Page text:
Coping with Persistent Post-Concussive Symptoms Following mTBI
Traumatic brain injury is a modern public health crisis that is of growing concern in military and civilian populations. Mild traumatic brain injury (mTBI), which is defined by a Glasgow coma scale score of 13-15 and symptoms of confusion and/or loss of consciousness for less than 30 minutes following injury, is particularly difficult to diagnose and treat. A period of rest following exposure to a mild head injury is critical to full recovery, but the conditions in which the head injury was sustained (i.e., in the context of military theater or during a sporting event) and ambiguity in diagnosis often prevent rest following injury.
Many people who have suffered single or repeated mTBI events struggle with persistent post-concussive syndrome (PCS) that cause long term cognitive deficits to include impairment of memory and attention, decreased concentration and increased distractibility, deficiencies in visual and verbal information processing, and difficulties with communication. As a result of these symptoms, individuals struggling with persistent PCS face challenges in such daily tasks as managing schedules, completing work projects, and maintaining social relationships. The ability to fulfill daily requirements of work and home life can be made easier with modifications of habits and implementation of coping strategies that help compensate for functional deficiencies due to persistent PCS.
Cognitive rehabilitation is a critical first step to learning mechanisms that can be incorporated into daily life to help manage the challenges of living with PCS. In general, many of the challenges that accompany PCS require patience and understanding from the individual suffering with PCS, as well as from family, friends, and work colleagues who interact with them. Attention and information processing deficits can be overcome with training to handle a single task at a time, to perform tasks in environments that are free of distraction when possible, and to take breaks when needed. Speech therapy can help address deficits in language and communication. Memory deficits, which are among the most common and most disruptive of PCS symptoms, are made far more manageable with the use of calendars and day planners to track activities, appointments, and work tasks.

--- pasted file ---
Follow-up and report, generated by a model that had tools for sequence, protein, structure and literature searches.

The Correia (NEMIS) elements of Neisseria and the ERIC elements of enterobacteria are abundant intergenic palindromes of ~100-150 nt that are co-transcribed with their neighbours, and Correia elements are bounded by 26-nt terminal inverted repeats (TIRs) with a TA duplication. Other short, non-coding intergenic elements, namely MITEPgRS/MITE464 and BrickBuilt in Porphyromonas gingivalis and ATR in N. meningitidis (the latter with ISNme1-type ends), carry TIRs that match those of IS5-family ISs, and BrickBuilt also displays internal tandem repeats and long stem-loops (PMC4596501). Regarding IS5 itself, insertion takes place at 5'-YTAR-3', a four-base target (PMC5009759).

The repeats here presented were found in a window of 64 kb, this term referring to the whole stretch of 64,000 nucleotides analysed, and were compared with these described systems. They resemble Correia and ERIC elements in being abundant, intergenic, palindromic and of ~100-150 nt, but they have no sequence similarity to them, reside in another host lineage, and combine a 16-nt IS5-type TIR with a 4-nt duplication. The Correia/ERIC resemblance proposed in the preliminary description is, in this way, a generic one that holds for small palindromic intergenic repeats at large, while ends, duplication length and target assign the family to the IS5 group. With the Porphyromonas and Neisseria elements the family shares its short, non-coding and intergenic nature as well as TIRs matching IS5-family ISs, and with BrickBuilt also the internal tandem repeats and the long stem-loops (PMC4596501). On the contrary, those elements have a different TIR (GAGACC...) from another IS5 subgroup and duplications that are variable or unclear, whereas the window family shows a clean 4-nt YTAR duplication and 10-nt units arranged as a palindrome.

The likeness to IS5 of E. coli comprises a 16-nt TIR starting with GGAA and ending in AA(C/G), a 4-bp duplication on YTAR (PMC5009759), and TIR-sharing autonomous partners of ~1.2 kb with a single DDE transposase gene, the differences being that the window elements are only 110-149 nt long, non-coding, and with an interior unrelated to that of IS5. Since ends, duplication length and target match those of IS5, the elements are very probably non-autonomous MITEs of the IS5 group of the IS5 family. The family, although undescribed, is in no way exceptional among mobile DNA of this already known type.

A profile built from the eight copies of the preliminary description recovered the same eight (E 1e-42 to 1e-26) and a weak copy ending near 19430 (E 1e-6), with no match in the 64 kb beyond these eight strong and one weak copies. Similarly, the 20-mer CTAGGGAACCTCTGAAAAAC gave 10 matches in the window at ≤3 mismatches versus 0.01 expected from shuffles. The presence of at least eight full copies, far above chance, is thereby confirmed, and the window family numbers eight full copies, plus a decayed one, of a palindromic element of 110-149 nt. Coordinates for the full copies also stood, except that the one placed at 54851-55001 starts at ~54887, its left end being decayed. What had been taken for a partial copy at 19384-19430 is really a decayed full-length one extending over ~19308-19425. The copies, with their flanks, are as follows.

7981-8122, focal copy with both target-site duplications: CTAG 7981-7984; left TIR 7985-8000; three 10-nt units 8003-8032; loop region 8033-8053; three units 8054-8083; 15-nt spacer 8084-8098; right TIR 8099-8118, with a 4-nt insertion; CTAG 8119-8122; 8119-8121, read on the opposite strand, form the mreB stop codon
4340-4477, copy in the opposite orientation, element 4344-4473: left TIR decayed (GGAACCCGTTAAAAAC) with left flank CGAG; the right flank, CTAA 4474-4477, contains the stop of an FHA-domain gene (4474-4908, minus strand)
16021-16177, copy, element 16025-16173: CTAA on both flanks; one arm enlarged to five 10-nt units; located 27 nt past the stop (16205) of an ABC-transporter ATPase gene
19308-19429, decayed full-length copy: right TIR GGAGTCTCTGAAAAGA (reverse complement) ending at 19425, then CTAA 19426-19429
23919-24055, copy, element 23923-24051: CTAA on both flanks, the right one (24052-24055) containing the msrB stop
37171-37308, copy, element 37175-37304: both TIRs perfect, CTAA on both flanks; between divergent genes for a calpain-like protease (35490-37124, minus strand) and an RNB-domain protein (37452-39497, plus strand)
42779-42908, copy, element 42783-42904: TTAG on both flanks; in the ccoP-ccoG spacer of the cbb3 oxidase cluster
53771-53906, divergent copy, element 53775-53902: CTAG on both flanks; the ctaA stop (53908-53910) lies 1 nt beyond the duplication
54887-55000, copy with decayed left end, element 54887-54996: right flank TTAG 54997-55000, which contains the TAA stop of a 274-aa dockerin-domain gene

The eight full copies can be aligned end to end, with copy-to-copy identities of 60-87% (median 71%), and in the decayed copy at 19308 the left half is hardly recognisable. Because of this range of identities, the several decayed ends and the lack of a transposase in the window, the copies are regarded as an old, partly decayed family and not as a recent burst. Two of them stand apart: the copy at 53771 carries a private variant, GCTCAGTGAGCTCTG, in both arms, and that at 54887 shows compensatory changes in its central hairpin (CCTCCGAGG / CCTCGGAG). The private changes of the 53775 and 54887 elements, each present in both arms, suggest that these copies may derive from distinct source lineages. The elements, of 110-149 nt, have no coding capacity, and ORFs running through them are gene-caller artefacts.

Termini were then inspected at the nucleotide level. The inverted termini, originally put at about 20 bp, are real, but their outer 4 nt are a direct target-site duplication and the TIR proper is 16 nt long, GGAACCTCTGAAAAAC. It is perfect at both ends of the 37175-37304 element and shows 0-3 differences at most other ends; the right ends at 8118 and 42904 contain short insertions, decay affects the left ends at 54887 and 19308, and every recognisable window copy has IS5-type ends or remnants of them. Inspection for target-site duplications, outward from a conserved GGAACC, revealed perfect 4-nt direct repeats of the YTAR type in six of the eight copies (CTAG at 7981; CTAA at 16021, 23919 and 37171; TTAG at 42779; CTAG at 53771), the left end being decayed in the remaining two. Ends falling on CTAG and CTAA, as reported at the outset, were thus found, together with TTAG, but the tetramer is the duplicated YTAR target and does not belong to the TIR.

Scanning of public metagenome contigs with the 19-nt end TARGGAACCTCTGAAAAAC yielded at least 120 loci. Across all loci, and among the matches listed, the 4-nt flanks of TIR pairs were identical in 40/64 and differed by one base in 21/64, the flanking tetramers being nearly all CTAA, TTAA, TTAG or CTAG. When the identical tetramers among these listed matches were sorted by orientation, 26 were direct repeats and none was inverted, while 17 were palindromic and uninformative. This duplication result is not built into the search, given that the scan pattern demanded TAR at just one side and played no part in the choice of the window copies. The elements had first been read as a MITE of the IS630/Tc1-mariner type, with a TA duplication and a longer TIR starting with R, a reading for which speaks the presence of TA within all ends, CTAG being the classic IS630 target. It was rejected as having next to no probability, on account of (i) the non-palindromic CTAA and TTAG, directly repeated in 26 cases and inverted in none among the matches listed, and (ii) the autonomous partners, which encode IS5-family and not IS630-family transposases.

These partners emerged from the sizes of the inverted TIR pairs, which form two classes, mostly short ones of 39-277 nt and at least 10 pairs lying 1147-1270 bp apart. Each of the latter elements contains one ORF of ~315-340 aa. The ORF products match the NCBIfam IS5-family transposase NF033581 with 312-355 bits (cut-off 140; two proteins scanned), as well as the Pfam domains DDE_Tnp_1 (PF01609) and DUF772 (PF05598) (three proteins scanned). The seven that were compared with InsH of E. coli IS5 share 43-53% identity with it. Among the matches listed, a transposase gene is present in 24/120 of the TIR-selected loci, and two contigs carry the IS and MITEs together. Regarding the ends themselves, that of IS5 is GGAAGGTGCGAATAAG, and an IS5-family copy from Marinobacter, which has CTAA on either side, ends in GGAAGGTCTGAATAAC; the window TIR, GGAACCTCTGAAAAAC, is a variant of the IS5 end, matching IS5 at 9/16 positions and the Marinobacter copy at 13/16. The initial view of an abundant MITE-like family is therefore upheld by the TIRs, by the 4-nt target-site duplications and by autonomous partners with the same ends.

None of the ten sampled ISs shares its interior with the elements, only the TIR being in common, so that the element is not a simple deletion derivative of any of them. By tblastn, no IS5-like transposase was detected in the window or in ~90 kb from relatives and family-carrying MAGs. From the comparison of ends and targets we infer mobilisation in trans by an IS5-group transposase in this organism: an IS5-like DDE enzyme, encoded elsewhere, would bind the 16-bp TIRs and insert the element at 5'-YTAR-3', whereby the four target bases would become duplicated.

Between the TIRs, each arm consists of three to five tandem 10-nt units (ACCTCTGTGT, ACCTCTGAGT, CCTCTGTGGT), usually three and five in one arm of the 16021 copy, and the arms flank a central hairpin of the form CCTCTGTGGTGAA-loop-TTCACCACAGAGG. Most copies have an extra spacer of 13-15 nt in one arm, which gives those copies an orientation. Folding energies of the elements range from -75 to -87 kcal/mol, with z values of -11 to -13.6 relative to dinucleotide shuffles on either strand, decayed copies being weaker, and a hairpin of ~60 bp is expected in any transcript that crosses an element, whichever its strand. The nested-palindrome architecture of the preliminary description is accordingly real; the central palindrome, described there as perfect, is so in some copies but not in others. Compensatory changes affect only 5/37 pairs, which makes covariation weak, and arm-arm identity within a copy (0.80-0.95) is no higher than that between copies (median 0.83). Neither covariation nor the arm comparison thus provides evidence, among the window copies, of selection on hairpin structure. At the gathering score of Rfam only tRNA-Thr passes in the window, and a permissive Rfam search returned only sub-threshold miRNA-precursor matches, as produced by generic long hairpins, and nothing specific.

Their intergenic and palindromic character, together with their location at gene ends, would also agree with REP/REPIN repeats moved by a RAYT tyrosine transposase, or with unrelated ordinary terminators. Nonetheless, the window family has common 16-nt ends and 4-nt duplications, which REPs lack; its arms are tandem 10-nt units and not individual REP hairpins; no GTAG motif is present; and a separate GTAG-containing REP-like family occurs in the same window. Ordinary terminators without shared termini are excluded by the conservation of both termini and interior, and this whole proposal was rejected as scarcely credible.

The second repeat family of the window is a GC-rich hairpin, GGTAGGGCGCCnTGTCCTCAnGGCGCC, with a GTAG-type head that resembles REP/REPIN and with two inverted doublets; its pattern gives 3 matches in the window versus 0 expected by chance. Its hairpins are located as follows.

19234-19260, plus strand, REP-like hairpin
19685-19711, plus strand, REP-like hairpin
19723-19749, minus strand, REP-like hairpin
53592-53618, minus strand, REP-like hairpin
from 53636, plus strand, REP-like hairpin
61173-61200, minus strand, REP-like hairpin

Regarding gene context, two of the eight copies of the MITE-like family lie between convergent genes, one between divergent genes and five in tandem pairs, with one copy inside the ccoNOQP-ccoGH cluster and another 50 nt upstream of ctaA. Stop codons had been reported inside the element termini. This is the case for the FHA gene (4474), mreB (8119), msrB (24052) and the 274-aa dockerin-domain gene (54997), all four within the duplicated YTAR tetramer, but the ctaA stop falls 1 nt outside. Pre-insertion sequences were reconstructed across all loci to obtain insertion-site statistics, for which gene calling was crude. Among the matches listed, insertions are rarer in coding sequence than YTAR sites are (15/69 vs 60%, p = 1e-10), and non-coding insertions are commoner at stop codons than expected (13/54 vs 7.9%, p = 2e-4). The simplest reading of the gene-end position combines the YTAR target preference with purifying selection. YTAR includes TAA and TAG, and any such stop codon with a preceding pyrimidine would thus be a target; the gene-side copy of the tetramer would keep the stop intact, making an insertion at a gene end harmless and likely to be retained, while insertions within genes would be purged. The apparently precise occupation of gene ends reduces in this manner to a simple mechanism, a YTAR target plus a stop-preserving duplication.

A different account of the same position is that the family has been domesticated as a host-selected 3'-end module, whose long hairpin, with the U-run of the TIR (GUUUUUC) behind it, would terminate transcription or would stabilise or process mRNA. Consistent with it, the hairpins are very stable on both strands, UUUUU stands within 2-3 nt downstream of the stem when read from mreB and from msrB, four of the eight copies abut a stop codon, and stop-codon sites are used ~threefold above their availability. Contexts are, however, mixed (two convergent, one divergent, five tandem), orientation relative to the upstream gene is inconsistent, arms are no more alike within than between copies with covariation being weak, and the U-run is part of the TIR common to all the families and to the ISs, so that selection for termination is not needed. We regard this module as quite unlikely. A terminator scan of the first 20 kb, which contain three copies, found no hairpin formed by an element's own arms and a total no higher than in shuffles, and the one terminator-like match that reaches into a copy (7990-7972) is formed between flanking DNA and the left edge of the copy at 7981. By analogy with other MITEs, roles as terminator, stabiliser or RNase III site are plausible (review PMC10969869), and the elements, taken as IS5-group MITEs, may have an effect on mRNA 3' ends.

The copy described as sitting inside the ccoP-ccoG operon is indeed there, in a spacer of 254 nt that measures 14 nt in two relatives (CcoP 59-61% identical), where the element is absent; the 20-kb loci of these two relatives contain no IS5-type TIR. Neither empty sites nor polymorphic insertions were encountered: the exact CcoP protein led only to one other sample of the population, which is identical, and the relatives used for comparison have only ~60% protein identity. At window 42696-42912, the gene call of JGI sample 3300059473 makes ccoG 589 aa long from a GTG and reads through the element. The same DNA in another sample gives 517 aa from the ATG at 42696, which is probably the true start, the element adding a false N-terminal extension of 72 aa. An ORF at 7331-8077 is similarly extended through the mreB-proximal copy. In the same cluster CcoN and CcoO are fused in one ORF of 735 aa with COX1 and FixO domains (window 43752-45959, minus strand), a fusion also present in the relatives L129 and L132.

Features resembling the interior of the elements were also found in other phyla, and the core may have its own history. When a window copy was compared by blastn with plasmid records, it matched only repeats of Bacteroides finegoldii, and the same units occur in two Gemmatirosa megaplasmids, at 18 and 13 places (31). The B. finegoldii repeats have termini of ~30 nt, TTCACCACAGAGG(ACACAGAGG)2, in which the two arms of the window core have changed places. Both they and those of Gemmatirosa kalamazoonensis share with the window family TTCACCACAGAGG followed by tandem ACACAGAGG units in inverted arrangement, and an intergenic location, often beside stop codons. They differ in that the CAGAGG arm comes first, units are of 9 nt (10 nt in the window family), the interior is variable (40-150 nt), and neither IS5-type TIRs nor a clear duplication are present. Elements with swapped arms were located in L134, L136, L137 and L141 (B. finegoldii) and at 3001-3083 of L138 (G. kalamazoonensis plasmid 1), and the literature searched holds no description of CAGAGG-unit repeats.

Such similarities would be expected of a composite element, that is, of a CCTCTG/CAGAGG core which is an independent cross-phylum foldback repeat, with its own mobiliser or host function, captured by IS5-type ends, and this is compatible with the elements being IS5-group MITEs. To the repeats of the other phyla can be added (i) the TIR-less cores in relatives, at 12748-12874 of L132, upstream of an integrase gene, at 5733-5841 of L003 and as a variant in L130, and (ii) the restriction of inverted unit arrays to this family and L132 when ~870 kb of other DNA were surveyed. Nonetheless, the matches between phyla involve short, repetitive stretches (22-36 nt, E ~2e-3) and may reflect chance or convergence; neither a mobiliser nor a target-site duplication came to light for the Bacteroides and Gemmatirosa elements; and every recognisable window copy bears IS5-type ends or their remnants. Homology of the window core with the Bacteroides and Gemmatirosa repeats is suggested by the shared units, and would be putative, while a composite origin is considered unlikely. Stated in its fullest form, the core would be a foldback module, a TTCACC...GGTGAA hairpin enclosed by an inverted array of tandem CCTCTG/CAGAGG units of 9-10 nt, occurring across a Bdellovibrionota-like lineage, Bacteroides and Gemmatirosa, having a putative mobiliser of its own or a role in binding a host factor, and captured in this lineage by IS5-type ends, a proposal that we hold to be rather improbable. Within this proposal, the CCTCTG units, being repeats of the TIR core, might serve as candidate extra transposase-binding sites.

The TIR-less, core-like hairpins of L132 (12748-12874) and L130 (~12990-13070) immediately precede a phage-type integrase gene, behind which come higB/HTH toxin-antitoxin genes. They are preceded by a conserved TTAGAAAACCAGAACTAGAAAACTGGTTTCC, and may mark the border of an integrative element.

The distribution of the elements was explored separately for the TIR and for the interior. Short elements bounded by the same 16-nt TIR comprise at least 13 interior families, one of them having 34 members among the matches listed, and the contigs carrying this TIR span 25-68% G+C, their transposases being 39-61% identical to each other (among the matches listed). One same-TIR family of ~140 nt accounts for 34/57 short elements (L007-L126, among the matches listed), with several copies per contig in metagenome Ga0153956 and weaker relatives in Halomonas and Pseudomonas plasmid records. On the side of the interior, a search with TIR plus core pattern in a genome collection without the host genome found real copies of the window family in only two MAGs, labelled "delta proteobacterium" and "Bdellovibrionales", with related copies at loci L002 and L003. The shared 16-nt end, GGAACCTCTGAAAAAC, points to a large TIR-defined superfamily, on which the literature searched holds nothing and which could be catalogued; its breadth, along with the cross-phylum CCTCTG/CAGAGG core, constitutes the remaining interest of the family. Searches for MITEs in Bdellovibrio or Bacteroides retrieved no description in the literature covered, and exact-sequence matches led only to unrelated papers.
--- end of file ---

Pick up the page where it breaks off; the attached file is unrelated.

Though cultural concern over the long-lasting memory deficits due to brain injury is relatively recent, awareness of these deficits has been reflected popular culture for many years. In the classic 1976 film Rocky, the long term cognitive deficits of the movie’s protagonist, amateur boxer Rocky Balboa, are evident. Throughout the film, Rocky struggles with word finding and with remembering information such as the combination to his locker at his boxing gym. Interestingly, the film also reflects common coping mechanisms for dealing with memory loss due to persistent PCS. For instance, Rocky writes down his locker combination and keeps it in a note tucked into his hat.
Since 1976, technological advances have developed that can be used to improve the quality of life of those struggling with PCS. As the use of smartphones has become increasingly commonplace, smartphone tools have developed that can serve the functional needs of those suffering with PCS. Smartphones provide a convenient, less cumbersome tool for managing daily tasks because many people keep their smartphones on hand at all times. They can be used in place of standard calendars and planners to document appointments, and, unlike planners, they can remind the user when the appointment is set to occur. They can be used as digital voice recorders at times when it would be otherwise inconvenient to write or type a note, such as while driving. As smartphones are a critical tool for social interaction, they can be used to manage social relationships, and to assist in re-learning social and community integration.
Though the use of smartphones coping tools for PCS-induced cognitive deficits has several advantages, some studies report disadvantages as well. Older demographics that are less familiar with smartphone use may find the devices to be difficult to learn and master. Small print on phone screens can be difficult to see and can cause eye strain, which is a significant flaw for patients whose PCS symptoms include chronic headache and/or migraine. In studies in which subjects were interviewed regarding their use of smartphones as compensatory mechanisms, patients reported concerns of battery life, loss of the device, and an ongoing dependency on the device for success; loss of or damage to the device can be catastrophic for one’s mental well-being and ability to function. Though more studies are needed to determine the full scope of benefits and challenges that accompany the use of smartphones for patients with PCS, it is clear that technological advances have provided more reliable and convenient coping mechanisms than were available to Rocky.